Is PAP unwilling to realise that there are other ways to boost the economy in Singapore? Does PAP not realise that if they maintain the population size of Singapore and increase the efficiency of people’s work, the efficiency of work itself, that by doing so, we will have a more productive economy, and possibly higher economic growth? Does PAP not understand the need to grow a committed workforce, where their work-life balance is valued and respected, such that they would be more committed to their work, which would make them more productive in their work? On top of that, several quarters, such as the National Solidarity Party (NSP), have also pointed out an increase in population and the consequent increase in population density has been shown to also reduce the fertility rate, ironically that which the government claims that it’s concerned about increasing. Well, clearly, the government isn’t concerned about increasing the Singaporean core. It’s actions and proposals are clearly contrary towards building a Singapore core.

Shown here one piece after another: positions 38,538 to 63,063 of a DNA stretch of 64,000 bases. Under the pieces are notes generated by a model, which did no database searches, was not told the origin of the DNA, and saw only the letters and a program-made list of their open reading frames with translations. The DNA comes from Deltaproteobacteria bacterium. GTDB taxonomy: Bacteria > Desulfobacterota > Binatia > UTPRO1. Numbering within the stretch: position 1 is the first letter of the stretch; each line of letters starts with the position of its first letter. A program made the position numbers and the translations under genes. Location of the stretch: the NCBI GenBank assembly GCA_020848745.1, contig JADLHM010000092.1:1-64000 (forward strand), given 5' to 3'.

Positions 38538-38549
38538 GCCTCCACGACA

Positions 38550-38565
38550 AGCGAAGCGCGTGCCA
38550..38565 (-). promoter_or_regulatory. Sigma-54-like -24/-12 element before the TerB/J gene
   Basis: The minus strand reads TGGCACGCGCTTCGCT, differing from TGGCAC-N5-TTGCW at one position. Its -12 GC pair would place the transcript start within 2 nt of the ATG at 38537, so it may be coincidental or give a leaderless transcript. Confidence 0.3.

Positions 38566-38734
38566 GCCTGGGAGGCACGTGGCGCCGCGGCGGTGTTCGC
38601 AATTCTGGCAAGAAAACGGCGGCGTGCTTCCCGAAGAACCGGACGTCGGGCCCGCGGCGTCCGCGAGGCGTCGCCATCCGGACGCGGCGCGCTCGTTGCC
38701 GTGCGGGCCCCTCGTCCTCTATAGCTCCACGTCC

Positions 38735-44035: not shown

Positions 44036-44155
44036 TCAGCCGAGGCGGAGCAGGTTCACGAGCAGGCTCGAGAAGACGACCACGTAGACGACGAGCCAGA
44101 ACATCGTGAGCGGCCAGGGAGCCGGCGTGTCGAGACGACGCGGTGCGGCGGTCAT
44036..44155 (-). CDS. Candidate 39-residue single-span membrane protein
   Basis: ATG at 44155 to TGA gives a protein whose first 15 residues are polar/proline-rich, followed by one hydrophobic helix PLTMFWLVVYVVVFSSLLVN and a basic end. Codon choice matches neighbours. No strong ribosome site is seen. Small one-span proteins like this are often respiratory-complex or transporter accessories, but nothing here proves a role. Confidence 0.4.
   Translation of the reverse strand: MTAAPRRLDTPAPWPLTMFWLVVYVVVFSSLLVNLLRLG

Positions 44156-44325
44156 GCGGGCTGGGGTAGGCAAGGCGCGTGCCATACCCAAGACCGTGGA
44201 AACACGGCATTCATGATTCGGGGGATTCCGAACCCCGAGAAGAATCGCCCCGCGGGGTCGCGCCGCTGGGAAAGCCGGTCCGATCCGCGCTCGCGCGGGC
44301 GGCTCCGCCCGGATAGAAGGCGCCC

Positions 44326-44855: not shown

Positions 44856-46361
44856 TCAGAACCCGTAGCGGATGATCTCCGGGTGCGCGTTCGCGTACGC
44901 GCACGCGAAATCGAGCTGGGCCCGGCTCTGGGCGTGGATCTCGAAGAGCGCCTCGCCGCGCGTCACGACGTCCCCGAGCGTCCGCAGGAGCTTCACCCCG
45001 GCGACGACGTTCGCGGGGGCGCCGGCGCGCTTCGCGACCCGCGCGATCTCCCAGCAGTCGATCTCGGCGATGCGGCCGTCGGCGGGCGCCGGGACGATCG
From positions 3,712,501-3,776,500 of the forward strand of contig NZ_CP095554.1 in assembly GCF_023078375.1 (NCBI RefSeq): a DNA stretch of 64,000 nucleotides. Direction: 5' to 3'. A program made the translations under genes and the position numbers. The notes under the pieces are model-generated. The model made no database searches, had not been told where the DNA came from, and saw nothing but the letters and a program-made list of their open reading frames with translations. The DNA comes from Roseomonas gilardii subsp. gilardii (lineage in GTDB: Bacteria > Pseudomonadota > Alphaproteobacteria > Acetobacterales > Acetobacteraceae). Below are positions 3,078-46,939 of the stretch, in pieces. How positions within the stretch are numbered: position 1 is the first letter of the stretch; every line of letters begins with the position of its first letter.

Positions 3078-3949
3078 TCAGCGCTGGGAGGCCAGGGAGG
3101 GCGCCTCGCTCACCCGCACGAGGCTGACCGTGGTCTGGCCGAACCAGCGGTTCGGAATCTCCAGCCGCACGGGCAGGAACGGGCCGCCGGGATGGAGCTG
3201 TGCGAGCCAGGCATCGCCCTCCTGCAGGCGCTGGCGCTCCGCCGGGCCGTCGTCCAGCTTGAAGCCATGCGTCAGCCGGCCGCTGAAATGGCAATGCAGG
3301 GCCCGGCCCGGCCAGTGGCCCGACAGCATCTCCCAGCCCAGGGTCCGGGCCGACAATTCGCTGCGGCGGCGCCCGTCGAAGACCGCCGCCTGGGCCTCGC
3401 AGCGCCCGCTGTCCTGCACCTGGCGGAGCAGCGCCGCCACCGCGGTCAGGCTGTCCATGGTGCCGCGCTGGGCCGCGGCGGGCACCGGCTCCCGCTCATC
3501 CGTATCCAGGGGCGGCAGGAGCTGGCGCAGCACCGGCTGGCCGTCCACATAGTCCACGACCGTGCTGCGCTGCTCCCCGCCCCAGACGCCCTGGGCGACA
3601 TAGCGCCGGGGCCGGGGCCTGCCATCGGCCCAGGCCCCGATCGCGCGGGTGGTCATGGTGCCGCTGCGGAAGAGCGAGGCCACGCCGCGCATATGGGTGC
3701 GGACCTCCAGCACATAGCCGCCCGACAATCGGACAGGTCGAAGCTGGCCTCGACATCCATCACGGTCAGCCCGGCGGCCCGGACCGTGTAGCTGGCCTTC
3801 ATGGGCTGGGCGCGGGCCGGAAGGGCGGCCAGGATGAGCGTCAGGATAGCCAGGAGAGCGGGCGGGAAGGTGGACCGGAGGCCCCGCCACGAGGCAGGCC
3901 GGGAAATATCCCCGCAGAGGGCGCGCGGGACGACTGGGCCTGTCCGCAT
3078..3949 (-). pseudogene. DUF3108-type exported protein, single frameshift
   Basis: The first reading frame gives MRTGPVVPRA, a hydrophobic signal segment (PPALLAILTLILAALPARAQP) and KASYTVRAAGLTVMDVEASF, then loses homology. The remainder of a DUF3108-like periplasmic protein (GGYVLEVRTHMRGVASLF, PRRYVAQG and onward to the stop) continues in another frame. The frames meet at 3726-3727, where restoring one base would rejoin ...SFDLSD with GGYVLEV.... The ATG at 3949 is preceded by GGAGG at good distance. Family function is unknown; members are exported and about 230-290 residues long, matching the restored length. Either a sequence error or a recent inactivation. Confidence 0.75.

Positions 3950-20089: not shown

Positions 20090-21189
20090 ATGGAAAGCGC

So, I started thinking to myself – well, perhaps the government wants to maintain Singapore’s position as a financial hub and that is why the government continues to hold such a tight rein to Singapore, and on Singaporeans as well. But then, I looked at the top financial centres in the world – New York, London, Hong Kong and Seoul, ranked 1st, 2nd, 3rd and 5th respectively. Singapore is ranked 4th. In all these top financial centres, you get freedom of speech and you are allowed to have peaceful demonstrations. There is minimum wage in most of these cities. Look, in these cities which are larger and the top financial centres of the world, you have rights, you are allowed to speak up and you are allowed to be free. And doing so does not at all upset these cities’ financial status. They continue to be financially strong. Which made me wonder, why then, why did our government continue to put restrictions on our rights to free speech and our rights to even have a referendum? Singapore’s last and only referendum was before even our independence in 1965.